Everyone wanted to bring this story to the West. So that people could see and understand that people here are fighting for their independence. After the beating of the students, the issue was no longer about integration with Europe but about the accumulated pain. Different segments of society rebelled against the state apparatus and corruption.
Therefore, this project is also dedicated to the unity of the real documentarians — professionals and amateurs. They are the real heroes who helped create this film. At that time nobody thought that bullets were flying, that the Berkut (police forces) were raging. All wanted to tell this story. This film is a grand memorial made with the hands an eyes of all those who were on Maidan.
How did you experience this story after its completion?
– I remember in the morning after everything was over and it had to be completed I had a real emotional cataclysm. It was as if you were in a completely different, warlike situation, and you had lost someone. Things were also very difficult during the three months of editing abroad. I still weep when I watch this film. I ache for all these who stood on Maidan, for all those nights when Berkut poured cold water on the protesters. I have asthma from that period and some of my friends who sang professionally have lost their voices.
But I persevered. I promised people that the film would be released. The international premiere was held in Venice and the response was amazing. Then it was Toronto, where we received the People’s Choice Award. And now the film is being shown in more than 50 countries where Netflix operates. I was born in Russia, grew up in Israel, and have been living in the U.S. for more than 15 years. For me it was very important to see this big Maidan family. I have never seen anything like it.
I have never seen, for example, where religion was with the individual. A classic example: In Russia religion is an instrument of control. In Ukraine, Jews and Muslims were united. I grew up in the Middle East and there is no such thing there. Serhiy Nigoyan was not born in Ukraine but he was a patriot of this country. The world needs this film in order to understand that patriotism is not dependent on the place of birth. For example, this Syrian migration. The migrants are also members of society.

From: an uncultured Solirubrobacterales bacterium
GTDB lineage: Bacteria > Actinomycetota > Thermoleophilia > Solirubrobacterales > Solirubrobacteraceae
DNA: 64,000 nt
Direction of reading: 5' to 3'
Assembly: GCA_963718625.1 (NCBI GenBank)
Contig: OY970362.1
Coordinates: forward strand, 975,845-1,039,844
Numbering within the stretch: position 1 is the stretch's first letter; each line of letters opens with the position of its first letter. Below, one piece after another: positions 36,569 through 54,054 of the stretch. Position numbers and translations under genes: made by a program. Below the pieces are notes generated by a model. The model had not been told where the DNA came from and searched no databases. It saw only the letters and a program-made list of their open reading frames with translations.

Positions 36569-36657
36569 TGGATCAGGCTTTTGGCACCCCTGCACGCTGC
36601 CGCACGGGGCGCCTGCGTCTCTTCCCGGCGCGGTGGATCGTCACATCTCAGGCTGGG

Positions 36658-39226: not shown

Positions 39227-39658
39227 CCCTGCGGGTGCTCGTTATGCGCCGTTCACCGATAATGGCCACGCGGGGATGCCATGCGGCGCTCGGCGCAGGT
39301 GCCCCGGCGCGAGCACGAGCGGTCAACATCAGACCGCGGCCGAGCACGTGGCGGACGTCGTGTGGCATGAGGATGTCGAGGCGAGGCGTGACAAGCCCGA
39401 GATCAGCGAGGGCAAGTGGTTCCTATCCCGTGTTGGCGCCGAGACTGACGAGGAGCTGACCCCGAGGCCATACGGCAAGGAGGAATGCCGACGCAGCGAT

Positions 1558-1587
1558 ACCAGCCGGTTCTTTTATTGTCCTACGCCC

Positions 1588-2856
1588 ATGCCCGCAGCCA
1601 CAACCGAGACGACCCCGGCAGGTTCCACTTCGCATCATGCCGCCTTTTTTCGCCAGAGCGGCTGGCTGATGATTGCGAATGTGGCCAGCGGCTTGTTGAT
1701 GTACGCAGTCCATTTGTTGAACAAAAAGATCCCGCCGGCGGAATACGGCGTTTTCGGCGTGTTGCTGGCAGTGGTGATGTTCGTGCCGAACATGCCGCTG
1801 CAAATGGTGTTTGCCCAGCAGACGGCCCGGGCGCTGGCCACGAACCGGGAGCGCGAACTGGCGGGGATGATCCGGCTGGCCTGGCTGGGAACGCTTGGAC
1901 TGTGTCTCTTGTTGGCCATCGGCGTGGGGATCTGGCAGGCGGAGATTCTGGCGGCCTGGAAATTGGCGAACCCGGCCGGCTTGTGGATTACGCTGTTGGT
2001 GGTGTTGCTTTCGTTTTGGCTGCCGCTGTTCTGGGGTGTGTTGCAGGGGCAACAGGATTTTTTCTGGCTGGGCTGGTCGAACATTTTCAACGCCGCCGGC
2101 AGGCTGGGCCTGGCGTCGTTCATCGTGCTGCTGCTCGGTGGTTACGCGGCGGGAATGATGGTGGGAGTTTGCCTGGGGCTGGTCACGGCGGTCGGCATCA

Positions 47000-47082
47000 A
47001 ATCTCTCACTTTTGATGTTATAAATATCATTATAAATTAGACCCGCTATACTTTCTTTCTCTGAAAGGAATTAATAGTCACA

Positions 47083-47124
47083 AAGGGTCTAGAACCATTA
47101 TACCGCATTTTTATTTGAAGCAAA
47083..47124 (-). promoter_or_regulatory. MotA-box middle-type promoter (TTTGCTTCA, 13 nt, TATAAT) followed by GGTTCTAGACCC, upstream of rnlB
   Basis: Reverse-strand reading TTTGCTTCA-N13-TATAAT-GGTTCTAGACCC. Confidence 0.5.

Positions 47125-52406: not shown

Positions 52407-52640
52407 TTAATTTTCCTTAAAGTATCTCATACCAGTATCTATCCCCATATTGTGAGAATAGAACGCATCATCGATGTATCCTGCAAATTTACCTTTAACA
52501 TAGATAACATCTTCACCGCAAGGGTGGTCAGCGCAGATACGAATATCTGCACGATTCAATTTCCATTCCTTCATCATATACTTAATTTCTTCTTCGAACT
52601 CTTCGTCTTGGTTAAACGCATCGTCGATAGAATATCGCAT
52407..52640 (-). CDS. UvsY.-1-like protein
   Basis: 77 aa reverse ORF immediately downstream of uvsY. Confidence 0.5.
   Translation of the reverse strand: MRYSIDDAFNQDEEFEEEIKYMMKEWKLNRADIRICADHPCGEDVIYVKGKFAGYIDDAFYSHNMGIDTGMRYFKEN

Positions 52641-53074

What audience were you targeting when you filmed this movie?
– I was targeting the Western world because that is where I live and also because events in Ukraine were not really being covered in the media. I think this film is about people behind the headlines. I’m frequently asked why I didn’t interview the Berkut or the politicians. But why would I want to do that? After all, the politicians did not go out on the square. I tried to aim my camera in the direction of the security forces, but they were silent. And the politicians were promoting themselves.
What didn’t make it into the film?
– Some materials were removed by the Security Service of Ukraine to investigate the snipers. Unfortunately, we weren’t able to get them back. I hope this will help bring about the punishment of those responsible.
Is Russian propaganda present in the U.S.? And taking that into account, how understandable is the film for Americans?
– Russian propaganda is everywhere where there is Russian television. My objectivity is ensured by the fact that I came here (to Ukraine), I experienced everything, and I have my own views on events. The propaganda factor exists and will exist. Right now I’m reading some things about how I was paid, that Klitschko paid me because there is some footage with him in the film. I was not trying to counter Russian propaganda. For me it was important to remain true to the moment I was living. My hair turned gray here. I had to reexamine my values.
Will this film be seen in Russia?
– Pirated copies have been distributed very quickly. Netflix is fighting this, but it appears we are not lagging behind the Hollywood blockbusters. I have already read several ugly things that have been written about the film in Russia. It will be seen. It’s the same as with Mel Gibson’s The Passion of the Christ — the greater the restriction, the greater the interest.
Evgeny Afineevsky, 43, was born in Russia. He is an Israeli producer, film director, actor, screenwriter and the president of New Generation Films in Hollywood, California. Netflix is an American multinational provider of on-demand online streaming media for more than 60 million clients.